We all know about midges – those buzzy, bity flies that annoy everyone that they come into contact with, two-legged or four! Have you ever heard them, especially in the summer? If they bite us, they can cause lots of problems, including something called ‘sweet itch’ which is an allergic reaction to biting midges. Ouch!
All horses (including me) can have worms, and they live in our intestines. They don’t cause any problems if there aren’t many of them, but if they are allowed to build up, they can be really bad for us and make us very ill.
We also get affected by things like lice, horseflies and bots, ew! Find out much more about them – if you dare – by clicking and downloading our fact sheet here!
And however you’re celebrating, have a happy and safe Halloween!


27 October 2017

Hazel and Anna 'trot' for Redwings!

We’d like to say a huge ‘thank you’ to Hazel and Anna, and their mum and dad, for being such brilliant Young Reds by fundraising to help us look after our horses and donkeys at the Sanctuary.

They decided to put on their walking boots and doing a 12 mile sponsored walk – that’s a really long way. It makes us tired just thinking about it – but they did it, and in the photo you can see the family after they completed their journey!

Their friends and family donated really generously and they raised a HUGE £162.66 for Redwings, which will pay for a whole month of rehabilitation for one of our four-legged friends, with some left over! Thank you so much!

Have you raised money for Redwings? If you’ve been a fab fundraiser we’d love to hear all about it! Write to us at Young Reds, Redwings Horse Sanctuary, Hapton, Norwich, NR15 1SP or email [email protected].


26 October 2017

Back to School with Red's Shed: Why do horses and donkeys wear rugs?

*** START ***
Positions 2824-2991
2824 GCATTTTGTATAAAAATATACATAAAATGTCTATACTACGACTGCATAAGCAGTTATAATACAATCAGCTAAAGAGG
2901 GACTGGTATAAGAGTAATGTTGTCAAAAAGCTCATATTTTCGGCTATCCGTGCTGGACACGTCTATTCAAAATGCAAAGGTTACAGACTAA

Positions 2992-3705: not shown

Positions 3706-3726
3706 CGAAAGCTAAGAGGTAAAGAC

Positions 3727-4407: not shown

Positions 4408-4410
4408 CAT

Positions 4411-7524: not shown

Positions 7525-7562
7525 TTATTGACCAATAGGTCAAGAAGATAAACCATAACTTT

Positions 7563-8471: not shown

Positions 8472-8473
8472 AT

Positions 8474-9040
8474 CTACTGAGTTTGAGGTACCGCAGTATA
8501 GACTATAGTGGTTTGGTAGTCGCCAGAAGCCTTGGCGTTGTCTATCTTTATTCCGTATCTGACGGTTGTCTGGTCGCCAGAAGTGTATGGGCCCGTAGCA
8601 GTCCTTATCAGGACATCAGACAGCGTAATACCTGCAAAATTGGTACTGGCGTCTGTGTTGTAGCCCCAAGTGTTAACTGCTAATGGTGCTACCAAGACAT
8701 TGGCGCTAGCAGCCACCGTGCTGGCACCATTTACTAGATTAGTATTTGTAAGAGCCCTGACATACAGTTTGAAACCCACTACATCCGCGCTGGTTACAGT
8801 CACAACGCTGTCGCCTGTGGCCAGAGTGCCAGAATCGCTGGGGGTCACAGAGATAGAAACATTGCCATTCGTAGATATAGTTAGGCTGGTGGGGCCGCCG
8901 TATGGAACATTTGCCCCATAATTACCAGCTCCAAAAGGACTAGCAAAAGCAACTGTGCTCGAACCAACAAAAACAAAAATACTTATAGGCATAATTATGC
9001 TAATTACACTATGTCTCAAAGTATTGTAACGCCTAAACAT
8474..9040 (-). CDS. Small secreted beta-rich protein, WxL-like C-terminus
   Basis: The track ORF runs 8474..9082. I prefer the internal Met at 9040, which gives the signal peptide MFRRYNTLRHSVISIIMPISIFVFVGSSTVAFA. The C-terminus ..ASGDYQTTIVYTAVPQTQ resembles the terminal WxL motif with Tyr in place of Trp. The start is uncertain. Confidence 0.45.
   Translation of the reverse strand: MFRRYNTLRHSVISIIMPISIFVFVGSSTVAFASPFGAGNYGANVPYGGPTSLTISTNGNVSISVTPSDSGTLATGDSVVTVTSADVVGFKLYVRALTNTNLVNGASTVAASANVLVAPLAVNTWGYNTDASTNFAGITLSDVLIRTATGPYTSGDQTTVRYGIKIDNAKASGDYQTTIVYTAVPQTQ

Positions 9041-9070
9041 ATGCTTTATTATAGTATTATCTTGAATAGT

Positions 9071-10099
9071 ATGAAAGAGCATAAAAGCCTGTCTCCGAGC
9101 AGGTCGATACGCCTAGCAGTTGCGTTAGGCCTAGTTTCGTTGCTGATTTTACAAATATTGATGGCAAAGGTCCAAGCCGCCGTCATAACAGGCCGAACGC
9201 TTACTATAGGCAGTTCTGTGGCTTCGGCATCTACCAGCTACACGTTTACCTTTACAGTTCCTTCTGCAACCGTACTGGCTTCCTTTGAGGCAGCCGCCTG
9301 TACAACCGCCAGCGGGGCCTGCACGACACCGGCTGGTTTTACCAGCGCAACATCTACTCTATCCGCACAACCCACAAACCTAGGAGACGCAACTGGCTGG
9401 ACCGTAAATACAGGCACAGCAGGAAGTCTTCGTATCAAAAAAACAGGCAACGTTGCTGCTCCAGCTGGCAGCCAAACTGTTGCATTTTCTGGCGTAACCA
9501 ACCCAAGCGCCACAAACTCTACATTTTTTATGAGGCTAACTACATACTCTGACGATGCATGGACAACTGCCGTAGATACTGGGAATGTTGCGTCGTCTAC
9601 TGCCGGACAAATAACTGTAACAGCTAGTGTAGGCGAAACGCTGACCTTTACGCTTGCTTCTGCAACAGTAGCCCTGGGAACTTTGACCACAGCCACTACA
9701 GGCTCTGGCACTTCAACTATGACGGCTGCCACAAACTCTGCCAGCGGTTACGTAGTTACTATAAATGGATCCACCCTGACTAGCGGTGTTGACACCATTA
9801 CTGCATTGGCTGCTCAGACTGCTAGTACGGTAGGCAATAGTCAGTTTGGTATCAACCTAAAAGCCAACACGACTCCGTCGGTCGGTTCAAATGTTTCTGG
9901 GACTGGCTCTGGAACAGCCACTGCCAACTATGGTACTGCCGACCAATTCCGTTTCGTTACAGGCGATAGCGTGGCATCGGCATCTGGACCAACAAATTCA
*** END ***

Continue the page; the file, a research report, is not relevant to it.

Hi, Red here – it’s time for another back to school lesson, so I hope you’re sitting comfortably!
When visiting Redwings, if you’re really eagle-eyed you might have noticed that some of the residents wear rugs (those lovely colourful coat-like-things you may see on a horse’s back) while others don’t. Why do you think that is?
It’s because every horse is different and our wonderful team make sure that each and every resident has exactly the care that’s right for them.

In the winter, a rug will keep a horse warm
Most horses can cope with cold temperatures – especially those breeds that originate from colder climates, such as Shetland ponies like Sampson! In winter, Shetlands grow thick coats to protect them from the cold and actually they would be too hot if they wore a rug on top of all that extra hair. 
But, some of my older friends need more closely looking after;  you’ll see them wearing a rug when it’s a bit colder outside, so they don’t have to use as much of the energy they get from food to keep warm! This is also true for breeds that originate from warmer climates, like Arab pony Aslan, who don’t naturally grow a winter coat of their own. 
Rugs protect horses (and donkeys!)
Rugs aren’t always designed just to keep horses warm. They can act as protection too – for instance, if one of my friends has a wound on their body, a rug can protect that area until it heals.. Rugs are also good for keeping off the flies in the summer.
As for donkeys, they often wear rugs when it’s wet – just like wee Amos here.Why’s that, I hear you ask?! It’s because their coats are not waterproof, as they originally come from Africa, and so donkeys weren’t naturally designed to cope with the rain!
Rugs help keep out the sun
Just like suntan lotion protects humans on a hot and sunny day from UV rays, a rug can do the same for horses. Some of our horses are particularly sensitive to sunlight and so they have to wear a protective rug to stop the sunlight getting through – just like Amigo the cob. If he didn’t wear a rug, his skin might get badly burnt! Don’t worry though, they don’t get too hot as the rug has been specially designed to keep them cool as well as protected from the sun. Isn’t that clever?!
Don’t forget, if you’re coming to see us at Redwings and you’d like to know a little bit more about any of my horsey friends, the very nice people who work here at Redwings will be more than happy to answer your question! How many horses can you spot wearing a rug on your next visit?